What Causes Loss of Smell?


Your sense of smell is one of your most powerful senses. The scent of cinnamon and pine during the holidays, fresh-cut grass in the spring, and burgers on the grill in the summer can effectively transport you back to happy times and fond memories. But if your sense of smell is impaired, it can be frustrating. Loss of smell happens as a result of problems in the nose, brain or nervous system. So what exactly causes smell impairment?

smell impairment Your loss of smell may be due to allergies or bacterial or viral infections, including:

  • Nasal allergies. These can cause a runny or stuffy nose, sinus pressure, sneezing, and itchy, watery eyes
  • When you have the flu, it’s not unusual for you to lose your sense of smell temporarily
  • Common cold. A severely stuffy nose from a cold can impair your sense of smell, but once it runs its course, you’ll be able to breathe (and smell) easy again
  • Hay fever. As with a cold, your nasal passages become constricted when you have hay fever, impairing your sense of smell, also for only a temporary amount of time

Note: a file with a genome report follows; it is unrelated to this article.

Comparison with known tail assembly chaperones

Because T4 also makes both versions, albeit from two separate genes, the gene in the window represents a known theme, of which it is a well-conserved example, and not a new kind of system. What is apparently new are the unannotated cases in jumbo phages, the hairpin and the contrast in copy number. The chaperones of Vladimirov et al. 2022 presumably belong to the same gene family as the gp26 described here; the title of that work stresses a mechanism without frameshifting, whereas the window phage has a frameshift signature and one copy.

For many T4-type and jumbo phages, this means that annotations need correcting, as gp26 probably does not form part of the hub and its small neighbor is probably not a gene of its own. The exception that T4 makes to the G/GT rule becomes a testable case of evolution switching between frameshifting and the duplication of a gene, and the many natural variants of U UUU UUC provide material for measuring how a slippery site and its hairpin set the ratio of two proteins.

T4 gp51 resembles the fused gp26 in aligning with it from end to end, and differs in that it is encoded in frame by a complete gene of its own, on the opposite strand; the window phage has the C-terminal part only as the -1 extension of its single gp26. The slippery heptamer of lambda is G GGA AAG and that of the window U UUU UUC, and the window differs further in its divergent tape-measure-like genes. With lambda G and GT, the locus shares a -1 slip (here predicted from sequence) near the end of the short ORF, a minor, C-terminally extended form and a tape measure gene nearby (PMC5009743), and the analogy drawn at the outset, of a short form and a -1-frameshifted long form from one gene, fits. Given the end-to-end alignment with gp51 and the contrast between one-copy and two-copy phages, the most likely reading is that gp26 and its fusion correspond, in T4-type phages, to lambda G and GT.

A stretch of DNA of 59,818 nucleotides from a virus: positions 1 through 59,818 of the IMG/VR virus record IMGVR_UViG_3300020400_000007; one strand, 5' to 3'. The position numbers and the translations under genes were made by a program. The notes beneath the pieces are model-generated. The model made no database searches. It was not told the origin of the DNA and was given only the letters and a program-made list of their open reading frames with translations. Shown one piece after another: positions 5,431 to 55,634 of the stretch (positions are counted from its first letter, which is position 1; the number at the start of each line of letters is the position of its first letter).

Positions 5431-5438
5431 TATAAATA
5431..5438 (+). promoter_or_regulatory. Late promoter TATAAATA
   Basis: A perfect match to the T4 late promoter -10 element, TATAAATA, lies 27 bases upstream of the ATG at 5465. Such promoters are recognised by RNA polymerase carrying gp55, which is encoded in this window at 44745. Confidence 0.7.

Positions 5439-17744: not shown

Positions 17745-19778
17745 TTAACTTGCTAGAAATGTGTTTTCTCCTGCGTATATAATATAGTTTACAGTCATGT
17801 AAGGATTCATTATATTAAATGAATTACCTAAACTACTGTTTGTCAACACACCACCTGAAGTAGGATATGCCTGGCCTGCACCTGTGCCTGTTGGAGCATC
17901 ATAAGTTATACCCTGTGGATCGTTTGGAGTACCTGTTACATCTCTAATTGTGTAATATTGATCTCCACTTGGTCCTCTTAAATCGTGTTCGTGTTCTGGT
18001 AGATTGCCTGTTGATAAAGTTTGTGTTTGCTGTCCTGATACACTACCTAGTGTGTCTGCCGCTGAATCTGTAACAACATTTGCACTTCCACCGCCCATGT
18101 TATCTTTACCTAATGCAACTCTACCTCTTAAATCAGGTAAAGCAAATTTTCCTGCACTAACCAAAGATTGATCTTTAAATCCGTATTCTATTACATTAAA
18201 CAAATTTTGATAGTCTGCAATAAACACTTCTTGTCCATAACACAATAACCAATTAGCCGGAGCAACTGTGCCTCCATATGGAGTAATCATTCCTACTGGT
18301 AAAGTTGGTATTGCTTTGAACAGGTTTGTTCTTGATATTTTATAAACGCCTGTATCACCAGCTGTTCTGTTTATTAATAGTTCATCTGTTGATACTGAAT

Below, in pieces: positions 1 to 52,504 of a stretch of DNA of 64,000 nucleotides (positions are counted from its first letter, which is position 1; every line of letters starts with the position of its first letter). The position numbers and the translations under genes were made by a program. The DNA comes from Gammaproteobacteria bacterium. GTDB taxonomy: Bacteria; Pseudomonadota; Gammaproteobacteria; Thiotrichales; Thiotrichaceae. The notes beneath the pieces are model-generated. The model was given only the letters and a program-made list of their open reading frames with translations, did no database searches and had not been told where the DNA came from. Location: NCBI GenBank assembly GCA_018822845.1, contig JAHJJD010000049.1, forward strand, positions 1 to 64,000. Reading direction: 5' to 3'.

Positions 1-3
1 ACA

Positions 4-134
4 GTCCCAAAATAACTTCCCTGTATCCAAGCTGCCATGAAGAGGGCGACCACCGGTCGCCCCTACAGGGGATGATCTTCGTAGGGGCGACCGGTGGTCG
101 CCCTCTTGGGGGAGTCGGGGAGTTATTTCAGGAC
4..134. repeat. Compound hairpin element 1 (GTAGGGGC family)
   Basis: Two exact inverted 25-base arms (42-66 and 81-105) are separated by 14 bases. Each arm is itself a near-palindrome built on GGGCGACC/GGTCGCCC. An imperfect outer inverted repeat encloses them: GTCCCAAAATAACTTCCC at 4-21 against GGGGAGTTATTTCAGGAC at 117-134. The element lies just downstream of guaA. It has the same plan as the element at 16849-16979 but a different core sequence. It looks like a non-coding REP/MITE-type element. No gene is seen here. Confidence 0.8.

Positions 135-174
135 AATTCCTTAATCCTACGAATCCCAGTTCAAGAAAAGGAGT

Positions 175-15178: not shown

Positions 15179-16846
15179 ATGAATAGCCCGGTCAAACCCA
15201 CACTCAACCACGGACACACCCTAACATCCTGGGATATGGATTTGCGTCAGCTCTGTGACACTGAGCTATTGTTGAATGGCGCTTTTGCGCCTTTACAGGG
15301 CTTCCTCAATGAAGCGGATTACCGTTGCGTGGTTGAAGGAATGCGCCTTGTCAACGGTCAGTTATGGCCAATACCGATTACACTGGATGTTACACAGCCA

Your sense of smell may also be compromised by the following:

  • Alzheimer’s disease or dementia during which the region of the brain that handles the sense of smell deteriorates.
  • Injury to the head. You may lose your ability to smell when the frontal lobes of the brain where smell is processed are damaged.
  • Upper respiratory infections. There are many viruses that cause cold and flu, and they also interfere with the top lining in your nose that detects odors.
  • Nutritional deficiencies.
  • Overuse of nasal decongestants. When you use too many nasal decongestants, you can actually bring on increased nasal congestion.

Most smell impairment is temporary and can be easily treated. If you’re experiencing nasal congestion and are unable to blow your nose for relief, try moistening the air with a humidifier, which can help loose mucus and ease congestion. If you’re concerned that your inability to smell is a symptom of something more serious, schedule an appointment with your doctor.

For more information, please call our office at 732-280-7855 or visit our website.